· The impact of Brexit, Trump’s presidency, or other disruptive political events on working-class people of color, the LGBTQI community, and/or other marginalized communities
· How nationalist racism operates in working-class communities
· Voting patterns of working-class people
· Working-class attitudes toward immigration policies
· ‘Anti-elitism’ and class
· The role of working-class activism in resisting nationalism and protectionism

The deadline for submissions is March 31, 2017.

University Lecturer in Caribbean and Atlantic History since c.1500, University of Cambridge

For those on the job market, here’s a new position in Caribbean and Atlantic history, with an interest in world history more generally, at the University of Cambridge:

The Faculty of History is seeking to appoint a University Lecturer in Caribbean and Atlantic History in any period since c.1500. Candidates must have exceptional abilities in research and teaching. The post is based in central Cambridge and is available from 1 October 2017 or as soon as possible thereafter.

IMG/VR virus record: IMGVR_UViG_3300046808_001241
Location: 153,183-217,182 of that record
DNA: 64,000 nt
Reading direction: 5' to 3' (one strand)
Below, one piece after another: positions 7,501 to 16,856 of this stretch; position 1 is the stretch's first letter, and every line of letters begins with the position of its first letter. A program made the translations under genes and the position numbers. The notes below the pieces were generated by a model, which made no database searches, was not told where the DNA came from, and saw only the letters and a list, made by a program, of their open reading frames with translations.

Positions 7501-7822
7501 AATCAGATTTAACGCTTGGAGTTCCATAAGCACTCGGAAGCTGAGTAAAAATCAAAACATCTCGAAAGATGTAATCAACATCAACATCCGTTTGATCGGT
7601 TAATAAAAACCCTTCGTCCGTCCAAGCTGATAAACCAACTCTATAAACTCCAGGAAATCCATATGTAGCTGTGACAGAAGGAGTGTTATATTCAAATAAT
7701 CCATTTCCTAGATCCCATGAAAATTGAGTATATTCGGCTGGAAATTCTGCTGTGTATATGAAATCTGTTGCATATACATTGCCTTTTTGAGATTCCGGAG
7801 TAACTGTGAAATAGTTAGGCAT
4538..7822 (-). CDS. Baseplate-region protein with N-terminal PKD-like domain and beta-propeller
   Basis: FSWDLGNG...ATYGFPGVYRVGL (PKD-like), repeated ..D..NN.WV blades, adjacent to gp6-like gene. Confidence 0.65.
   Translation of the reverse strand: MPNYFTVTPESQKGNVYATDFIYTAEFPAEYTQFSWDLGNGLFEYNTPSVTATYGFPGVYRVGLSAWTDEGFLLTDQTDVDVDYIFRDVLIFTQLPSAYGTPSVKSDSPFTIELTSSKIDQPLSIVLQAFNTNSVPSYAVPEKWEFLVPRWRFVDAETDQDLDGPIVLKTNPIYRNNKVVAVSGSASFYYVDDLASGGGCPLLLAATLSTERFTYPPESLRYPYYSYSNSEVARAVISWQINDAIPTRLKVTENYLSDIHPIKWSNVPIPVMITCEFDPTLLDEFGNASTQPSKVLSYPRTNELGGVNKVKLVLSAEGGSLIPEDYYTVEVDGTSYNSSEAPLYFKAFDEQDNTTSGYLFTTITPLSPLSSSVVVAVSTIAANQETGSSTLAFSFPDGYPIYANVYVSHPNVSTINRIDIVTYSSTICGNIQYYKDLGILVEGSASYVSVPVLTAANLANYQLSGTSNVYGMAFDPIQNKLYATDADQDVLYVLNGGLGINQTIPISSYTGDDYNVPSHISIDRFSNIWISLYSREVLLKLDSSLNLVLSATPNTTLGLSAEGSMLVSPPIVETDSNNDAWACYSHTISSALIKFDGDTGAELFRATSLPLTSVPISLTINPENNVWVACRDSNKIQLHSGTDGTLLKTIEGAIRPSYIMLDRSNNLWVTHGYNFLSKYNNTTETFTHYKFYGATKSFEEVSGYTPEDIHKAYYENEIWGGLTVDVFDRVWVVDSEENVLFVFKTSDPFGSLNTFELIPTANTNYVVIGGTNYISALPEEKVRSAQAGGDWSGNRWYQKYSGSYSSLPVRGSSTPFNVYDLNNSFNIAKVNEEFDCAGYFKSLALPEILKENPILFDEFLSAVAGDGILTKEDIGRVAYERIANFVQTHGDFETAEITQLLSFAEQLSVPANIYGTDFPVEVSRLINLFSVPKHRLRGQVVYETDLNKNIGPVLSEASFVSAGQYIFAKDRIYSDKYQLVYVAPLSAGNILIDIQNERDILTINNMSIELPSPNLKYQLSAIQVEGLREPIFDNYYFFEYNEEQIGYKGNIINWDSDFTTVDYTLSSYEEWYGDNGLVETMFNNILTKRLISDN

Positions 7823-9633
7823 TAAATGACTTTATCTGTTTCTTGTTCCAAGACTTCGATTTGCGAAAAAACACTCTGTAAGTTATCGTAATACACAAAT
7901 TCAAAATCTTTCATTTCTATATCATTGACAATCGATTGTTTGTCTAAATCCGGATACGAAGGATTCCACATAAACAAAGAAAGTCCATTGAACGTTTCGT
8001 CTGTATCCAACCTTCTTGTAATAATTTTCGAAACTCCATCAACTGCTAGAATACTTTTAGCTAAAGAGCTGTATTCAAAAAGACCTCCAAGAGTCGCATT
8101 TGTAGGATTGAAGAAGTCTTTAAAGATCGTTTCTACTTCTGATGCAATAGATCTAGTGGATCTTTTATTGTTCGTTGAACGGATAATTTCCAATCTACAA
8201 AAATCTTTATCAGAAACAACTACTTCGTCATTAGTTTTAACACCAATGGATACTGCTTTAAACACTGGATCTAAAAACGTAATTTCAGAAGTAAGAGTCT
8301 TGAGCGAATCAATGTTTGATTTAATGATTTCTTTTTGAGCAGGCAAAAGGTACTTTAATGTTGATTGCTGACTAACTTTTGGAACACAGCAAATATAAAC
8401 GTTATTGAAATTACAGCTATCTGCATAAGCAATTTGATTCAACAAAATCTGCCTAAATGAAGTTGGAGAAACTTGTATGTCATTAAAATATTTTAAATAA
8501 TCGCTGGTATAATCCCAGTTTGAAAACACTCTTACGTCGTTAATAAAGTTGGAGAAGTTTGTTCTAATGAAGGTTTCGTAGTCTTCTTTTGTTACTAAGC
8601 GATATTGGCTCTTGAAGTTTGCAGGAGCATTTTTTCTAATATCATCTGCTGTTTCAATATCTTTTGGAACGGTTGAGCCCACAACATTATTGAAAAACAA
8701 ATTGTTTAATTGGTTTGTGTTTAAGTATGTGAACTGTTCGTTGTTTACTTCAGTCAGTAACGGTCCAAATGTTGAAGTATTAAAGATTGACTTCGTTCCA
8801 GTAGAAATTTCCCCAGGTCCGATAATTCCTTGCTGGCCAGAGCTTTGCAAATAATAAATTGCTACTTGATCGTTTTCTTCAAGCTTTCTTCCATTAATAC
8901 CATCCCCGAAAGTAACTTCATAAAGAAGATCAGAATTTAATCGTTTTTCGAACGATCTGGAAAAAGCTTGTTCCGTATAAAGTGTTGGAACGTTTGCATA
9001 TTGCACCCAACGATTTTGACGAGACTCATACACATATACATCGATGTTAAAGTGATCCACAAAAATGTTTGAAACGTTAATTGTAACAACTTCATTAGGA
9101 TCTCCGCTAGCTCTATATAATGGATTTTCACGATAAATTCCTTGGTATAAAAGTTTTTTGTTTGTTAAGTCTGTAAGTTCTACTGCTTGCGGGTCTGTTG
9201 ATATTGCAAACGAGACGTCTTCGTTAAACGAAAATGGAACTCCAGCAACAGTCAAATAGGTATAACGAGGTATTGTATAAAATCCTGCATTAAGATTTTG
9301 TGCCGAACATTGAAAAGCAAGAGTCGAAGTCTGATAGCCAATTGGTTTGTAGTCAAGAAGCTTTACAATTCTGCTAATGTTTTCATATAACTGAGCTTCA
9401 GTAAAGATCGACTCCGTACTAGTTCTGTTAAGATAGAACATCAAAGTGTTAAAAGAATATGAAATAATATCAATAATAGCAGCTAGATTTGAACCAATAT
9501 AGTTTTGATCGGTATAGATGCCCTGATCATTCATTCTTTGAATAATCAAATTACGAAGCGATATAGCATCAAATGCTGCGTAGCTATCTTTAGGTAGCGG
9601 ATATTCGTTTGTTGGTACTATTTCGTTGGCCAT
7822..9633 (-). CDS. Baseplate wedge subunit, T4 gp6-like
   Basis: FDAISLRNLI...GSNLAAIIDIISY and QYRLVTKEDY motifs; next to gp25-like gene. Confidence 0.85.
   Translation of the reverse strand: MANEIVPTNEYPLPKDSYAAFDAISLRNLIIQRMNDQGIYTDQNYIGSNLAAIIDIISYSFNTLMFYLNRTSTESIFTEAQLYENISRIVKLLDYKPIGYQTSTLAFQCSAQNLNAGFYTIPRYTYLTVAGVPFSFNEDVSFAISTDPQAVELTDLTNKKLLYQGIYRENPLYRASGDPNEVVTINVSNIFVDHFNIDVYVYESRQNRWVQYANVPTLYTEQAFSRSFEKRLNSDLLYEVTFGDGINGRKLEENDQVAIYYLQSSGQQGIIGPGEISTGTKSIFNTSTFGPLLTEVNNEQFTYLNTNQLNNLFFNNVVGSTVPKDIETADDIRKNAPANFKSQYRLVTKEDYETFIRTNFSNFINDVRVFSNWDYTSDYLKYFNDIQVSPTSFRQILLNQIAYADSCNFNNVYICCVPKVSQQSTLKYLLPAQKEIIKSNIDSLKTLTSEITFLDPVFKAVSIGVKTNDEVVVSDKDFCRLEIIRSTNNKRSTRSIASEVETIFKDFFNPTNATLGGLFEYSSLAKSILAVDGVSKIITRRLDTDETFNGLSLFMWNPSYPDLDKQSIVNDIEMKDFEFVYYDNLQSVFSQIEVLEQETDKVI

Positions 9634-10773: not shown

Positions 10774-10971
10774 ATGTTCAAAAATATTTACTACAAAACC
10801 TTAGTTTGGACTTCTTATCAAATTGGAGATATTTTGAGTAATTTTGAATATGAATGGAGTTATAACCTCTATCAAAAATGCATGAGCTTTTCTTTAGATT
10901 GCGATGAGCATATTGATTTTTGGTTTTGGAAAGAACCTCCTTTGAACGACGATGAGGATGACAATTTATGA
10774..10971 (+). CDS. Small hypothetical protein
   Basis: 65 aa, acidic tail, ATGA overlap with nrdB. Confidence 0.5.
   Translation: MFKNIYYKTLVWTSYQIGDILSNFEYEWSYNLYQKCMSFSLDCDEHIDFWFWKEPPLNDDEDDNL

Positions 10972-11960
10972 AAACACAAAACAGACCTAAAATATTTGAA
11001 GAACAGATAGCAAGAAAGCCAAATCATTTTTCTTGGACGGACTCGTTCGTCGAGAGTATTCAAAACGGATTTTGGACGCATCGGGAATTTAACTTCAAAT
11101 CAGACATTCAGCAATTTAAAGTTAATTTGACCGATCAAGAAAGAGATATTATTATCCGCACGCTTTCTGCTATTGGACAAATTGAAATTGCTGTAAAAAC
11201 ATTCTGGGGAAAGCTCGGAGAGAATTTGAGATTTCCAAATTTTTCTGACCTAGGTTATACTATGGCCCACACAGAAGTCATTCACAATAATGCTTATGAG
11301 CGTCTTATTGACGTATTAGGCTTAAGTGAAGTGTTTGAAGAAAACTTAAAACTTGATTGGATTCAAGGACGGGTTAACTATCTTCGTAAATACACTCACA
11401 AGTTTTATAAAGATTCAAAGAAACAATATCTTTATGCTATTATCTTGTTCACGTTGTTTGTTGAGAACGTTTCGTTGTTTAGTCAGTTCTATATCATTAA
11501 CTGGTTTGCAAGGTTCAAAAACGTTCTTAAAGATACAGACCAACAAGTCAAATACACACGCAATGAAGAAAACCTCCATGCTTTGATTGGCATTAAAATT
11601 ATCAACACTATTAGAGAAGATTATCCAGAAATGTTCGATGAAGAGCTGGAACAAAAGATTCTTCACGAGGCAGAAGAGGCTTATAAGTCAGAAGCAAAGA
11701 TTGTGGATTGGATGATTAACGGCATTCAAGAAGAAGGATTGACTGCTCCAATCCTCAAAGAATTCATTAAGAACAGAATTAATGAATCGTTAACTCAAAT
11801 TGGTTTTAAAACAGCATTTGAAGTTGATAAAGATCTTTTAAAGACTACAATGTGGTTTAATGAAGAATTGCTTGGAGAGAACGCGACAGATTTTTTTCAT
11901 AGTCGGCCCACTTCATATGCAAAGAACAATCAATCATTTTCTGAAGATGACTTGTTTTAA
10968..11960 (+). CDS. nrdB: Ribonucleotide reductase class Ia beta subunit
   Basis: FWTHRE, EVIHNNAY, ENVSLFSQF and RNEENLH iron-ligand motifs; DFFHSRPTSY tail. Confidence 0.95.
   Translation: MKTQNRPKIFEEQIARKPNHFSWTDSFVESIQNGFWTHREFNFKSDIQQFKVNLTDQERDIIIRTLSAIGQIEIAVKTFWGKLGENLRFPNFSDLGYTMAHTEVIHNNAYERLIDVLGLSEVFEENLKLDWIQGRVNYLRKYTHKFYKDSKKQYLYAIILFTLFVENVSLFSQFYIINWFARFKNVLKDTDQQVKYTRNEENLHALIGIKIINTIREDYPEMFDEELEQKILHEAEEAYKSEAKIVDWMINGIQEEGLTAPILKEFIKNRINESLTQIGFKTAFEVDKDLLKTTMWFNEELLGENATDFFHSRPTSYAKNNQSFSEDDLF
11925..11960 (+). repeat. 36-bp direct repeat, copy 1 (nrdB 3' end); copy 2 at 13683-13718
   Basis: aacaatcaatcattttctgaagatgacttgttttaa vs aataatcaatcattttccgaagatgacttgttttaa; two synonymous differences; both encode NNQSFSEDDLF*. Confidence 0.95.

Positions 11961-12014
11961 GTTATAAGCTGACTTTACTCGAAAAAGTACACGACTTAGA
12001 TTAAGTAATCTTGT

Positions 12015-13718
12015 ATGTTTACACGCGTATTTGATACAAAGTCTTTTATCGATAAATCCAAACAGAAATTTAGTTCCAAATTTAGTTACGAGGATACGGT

The successful candidate will have an outstanding and developing research profile in early or late modern Caribbean and Atlantic history. The ability to teach in the history of Latin America and south Atlantic history over a wide temporal and geographical range will be an advantage. The incumbent must: have excellent communication, interpersonal, and organisational skills; show a commitment to supporting students academically; and be able and ready to co-operate in Faculty affairs, including undertaking administration.

The appointee will be responsible for teaching Caribbean history as well as contributing to general World history teaching, at all levels from first-year undergraduate to PhD. She or he will be expected to offer a taught course to the MPhil in World History and to supervise undergraduate and postgraduate dissertations. In due course, the appointee will be expected to design and teach a Part II Specified or Special Subject paper on a Caribbean or Atlantic topic, and to play a part in convening Part I papers and directing the MPhil in World History.